Aces on Bridge — Daily Columns

The Aces on Bridge: Saturday, March 11th, 2017

A passage broad, smooth, easy, inoffensive, down to Hell.

John Milton

S North
Both ♠ J 8 3 2
 Q 4 2
 5 4 2
♣ J 6 4
West East
♠ K 10 9 4
 J 8 3
♣ A 10 9 8 3
♠ A 7 5
 K 9 7 5
 9 7 3
♣ 7 5 2
♠ Q 6
 A 10 6
 A K Q J 8 6
♣ K Q
South West North East
2 ♣ Pass 2 Pass
3 NT All pass    


In today’s deal South showed a strong hand plus a long minor when he jumped to three no-trump at his second turn. Playing Kokish relays, had he held a minimum balanced hand he would have rebid two no-trump. In this method, all other balanced game-forcing balanced hands start with an artificial two heart rebid at the second turn.

South had coped with the action perfectly but he relaxed prematurely after the club 10 lead traveled round to his king. He exited with the club queen, and West won and rather desperately shifted to a low spade to his partner’s ace for a spade back. West captured the queen with the king and now ingeniously exited with the diamond 10. Declarer could have run the diamonds but he saw this would squeeze dummy. Instead, he stripped off the diamonds and took his best shot in the hearts when he led up to the queen in dummy. East won this with the king, and returned a heart. Declarer put in the 10, losing to the jack, and that was down one.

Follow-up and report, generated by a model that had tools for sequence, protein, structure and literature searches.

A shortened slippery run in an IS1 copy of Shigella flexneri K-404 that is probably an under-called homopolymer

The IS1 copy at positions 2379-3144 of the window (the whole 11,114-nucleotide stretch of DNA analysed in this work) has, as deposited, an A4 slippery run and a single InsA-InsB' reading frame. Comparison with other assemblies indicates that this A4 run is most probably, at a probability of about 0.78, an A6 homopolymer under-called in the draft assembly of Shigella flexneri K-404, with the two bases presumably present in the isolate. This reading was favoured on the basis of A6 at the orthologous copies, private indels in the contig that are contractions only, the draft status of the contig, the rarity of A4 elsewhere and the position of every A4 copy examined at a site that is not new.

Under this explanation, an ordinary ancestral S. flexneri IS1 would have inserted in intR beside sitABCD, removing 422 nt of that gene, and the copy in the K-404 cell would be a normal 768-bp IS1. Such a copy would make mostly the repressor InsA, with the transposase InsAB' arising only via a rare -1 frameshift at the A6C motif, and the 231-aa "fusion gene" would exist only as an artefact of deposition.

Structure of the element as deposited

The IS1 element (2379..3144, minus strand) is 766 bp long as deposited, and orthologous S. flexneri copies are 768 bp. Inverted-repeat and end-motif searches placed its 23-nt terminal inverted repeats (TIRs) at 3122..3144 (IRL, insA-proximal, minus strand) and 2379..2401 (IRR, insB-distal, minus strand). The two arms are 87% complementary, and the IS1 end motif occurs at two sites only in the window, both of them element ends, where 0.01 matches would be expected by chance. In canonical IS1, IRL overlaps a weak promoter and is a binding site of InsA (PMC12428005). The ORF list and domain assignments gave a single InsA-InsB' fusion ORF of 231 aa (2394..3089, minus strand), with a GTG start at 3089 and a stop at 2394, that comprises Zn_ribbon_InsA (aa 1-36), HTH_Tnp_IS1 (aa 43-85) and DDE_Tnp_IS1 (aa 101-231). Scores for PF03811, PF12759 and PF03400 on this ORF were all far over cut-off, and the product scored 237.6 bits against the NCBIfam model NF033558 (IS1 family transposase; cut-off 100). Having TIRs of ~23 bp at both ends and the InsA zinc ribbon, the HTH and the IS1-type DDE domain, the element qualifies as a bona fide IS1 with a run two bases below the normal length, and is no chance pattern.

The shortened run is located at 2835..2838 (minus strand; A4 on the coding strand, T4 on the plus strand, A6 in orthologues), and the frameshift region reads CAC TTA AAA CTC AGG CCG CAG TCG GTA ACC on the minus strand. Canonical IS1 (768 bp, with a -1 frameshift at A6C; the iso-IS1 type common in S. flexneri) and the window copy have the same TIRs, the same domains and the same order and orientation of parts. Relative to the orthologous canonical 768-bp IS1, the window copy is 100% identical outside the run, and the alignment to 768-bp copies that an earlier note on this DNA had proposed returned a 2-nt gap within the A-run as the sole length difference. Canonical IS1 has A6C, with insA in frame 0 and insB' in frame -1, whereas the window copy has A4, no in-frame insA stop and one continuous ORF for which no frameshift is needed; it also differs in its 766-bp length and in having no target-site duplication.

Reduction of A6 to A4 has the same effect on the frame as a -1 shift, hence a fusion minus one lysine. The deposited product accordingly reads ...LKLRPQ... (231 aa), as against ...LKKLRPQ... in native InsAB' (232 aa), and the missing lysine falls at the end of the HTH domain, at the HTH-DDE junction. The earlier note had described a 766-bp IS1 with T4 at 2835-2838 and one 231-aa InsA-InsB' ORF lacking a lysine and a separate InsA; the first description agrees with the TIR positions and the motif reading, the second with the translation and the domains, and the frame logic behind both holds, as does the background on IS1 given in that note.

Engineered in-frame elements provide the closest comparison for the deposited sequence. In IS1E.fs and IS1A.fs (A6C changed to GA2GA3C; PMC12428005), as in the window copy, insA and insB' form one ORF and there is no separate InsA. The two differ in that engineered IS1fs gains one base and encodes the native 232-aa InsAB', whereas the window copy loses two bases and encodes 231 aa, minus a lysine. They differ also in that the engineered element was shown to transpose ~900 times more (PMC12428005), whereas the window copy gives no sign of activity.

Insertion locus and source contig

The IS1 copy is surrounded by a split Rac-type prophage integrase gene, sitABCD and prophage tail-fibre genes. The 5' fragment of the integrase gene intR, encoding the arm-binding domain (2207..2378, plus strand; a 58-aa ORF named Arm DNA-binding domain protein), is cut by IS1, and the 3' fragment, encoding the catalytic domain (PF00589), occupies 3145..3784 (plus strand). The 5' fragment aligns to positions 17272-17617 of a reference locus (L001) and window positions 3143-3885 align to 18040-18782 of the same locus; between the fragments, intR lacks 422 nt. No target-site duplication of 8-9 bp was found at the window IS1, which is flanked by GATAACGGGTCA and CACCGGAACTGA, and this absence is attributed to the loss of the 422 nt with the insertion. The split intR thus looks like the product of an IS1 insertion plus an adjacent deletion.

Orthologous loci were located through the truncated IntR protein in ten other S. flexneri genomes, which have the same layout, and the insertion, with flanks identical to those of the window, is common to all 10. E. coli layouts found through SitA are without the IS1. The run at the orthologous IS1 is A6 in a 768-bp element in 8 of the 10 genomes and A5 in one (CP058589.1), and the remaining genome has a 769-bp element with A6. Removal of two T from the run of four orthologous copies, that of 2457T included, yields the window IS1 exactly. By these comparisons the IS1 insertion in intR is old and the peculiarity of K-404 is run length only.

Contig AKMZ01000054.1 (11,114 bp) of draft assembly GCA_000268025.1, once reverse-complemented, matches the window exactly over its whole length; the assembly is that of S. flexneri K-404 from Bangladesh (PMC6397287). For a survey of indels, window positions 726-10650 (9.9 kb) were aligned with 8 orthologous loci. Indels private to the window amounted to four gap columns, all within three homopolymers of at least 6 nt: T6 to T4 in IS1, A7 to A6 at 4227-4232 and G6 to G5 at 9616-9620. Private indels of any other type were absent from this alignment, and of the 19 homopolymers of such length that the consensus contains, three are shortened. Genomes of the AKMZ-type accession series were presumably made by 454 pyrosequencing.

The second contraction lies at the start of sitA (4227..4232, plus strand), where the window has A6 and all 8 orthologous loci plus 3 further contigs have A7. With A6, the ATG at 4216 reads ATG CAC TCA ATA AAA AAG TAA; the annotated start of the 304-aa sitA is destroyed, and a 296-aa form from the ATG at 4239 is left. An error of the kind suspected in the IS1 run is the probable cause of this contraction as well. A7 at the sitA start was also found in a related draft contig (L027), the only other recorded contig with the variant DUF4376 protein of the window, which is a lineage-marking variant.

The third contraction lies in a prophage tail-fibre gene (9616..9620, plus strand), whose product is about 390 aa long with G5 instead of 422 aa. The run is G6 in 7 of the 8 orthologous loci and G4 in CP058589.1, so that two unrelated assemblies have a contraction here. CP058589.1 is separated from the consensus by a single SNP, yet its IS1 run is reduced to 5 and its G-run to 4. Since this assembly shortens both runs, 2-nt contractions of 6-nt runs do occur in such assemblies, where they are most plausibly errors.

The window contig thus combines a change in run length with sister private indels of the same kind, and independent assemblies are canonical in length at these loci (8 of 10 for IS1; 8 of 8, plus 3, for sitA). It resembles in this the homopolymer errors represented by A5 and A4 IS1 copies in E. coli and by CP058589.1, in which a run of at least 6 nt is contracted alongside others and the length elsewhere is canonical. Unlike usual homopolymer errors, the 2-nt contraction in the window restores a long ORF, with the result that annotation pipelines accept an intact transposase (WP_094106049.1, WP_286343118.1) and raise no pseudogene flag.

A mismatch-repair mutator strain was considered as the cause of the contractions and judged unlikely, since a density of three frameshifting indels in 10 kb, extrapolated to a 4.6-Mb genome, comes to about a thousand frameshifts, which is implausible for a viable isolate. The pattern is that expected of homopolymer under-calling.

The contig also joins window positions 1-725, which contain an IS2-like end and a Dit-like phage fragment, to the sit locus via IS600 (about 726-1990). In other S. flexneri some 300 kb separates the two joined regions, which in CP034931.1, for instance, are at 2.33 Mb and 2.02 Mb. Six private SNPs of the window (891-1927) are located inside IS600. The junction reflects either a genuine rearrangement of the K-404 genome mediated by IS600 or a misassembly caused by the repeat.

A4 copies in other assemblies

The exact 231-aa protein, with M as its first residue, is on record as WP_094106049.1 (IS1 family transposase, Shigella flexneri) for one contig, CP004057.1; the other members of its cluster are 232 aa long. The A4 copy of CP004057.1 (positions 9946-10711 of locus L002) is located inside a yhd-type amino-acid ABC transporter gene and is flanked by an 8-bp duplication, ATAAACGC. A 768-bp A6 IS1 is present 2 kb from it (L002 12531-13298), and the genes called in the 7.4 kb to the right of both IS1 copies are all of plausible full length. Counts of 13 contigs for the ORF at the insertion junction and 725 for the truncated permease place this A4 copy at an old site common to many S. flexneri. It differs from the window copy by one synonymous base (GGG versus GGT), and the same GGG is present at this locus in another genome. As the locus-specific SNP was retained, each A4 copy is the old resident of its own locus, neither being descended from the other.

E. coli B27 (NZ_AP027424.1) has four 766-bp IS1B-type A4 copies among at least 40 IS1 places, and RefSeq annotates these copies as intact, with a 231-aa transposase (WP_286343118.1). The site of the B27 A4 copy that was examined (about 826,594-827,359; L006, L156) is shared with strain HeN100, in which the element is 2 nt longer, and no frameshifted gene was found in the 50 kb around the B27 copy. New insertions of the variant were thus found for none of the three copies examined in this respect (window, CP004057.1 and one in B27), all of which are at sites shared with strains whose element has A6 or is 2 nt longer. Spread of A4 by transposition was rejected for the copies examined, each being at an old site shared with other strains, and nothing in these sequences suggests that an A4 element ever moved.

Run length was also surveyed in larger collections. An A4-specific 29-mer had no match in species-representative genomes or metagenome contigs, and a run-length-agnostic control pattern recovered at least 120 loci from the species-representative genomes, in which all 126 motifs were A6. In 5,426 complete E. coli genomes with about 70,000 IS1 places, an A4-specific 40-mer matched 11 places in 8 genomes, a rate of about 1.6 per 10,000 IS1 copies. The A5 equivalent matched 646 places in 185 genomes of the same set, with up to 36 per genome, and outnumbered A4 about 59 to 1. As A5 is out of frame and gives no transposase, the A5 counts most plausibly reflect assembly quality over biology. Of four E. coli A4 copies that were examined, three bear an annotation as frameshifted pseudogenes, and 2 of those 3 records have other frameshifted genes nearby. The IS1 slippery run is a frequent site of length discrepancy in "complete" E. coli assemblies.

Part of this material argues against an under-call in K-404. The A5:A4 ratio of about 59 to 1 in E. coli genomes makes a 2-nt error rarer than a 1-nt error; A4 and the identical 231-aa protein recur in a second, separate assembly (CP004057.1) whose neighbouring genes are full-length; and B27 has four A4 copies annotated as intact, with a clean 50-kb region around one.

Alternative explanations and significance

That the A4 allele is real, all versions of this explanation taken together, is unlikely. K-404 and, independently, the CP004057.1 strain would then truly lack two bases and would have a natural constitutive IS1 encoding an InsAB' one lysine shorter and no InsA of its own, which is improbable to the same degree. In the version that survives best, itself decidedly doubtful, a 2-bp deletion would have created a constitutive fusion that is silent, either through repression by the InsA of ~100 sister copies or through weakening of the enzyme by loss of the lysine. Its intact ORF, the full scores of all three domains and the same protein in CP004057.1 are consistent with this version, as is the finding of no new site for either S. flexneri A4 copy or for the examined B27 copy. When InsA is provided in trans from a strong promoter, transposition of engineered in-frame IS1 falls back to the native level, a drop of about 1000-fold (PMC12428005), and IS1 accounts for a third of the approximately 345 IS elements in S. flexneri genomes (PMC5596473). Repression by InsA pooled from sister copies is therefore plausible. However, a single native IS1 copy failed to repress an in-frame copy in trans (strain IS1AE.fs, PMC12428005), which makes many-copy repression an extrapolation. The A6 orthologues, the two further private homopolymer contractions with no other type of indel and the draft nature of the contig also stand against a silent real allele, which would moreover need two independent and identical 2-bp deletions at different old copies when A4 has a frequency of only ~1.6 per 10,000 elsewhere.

The winning line for South is to cash three diamonds at once, then lead the club king. The defenders can take their club and spade winners as before, but West must then lead a heart for declarer. When South plays low from dummy, then even if East can put in the jack declarer can win and run all but one diamond to come down to two black winners in dummy and the bare heart queen. Then he exits in hearts, and take two of the last three tricks.

Is your hand worth a slam try? I say it is, and in order to make that try you have two choices. The first is to bid four hearts, an artificial call (it cannot be natural since you did not transfer into hearts) setting spades and showing slam interest. The second route is to jump to five diamonds, showing short diamonds and spade fit. I prefer the second choice.


♠ K 10 9 4
 J 8 3
♣ A 10 9 8 3
South West North East
    2 NT Pass
3 ♣ Pass 3 ♠ Pass

For details of Bobby Wolff’s autobiography, The Lone Wolff, contact If you would like to contact Bobby Wolff, please leave a comment at this blog.
Reproduced with permission of United Feature Syndicate, Inc., Copyright 2017. If you are interested in reprinting The Aces on Bridge column, contact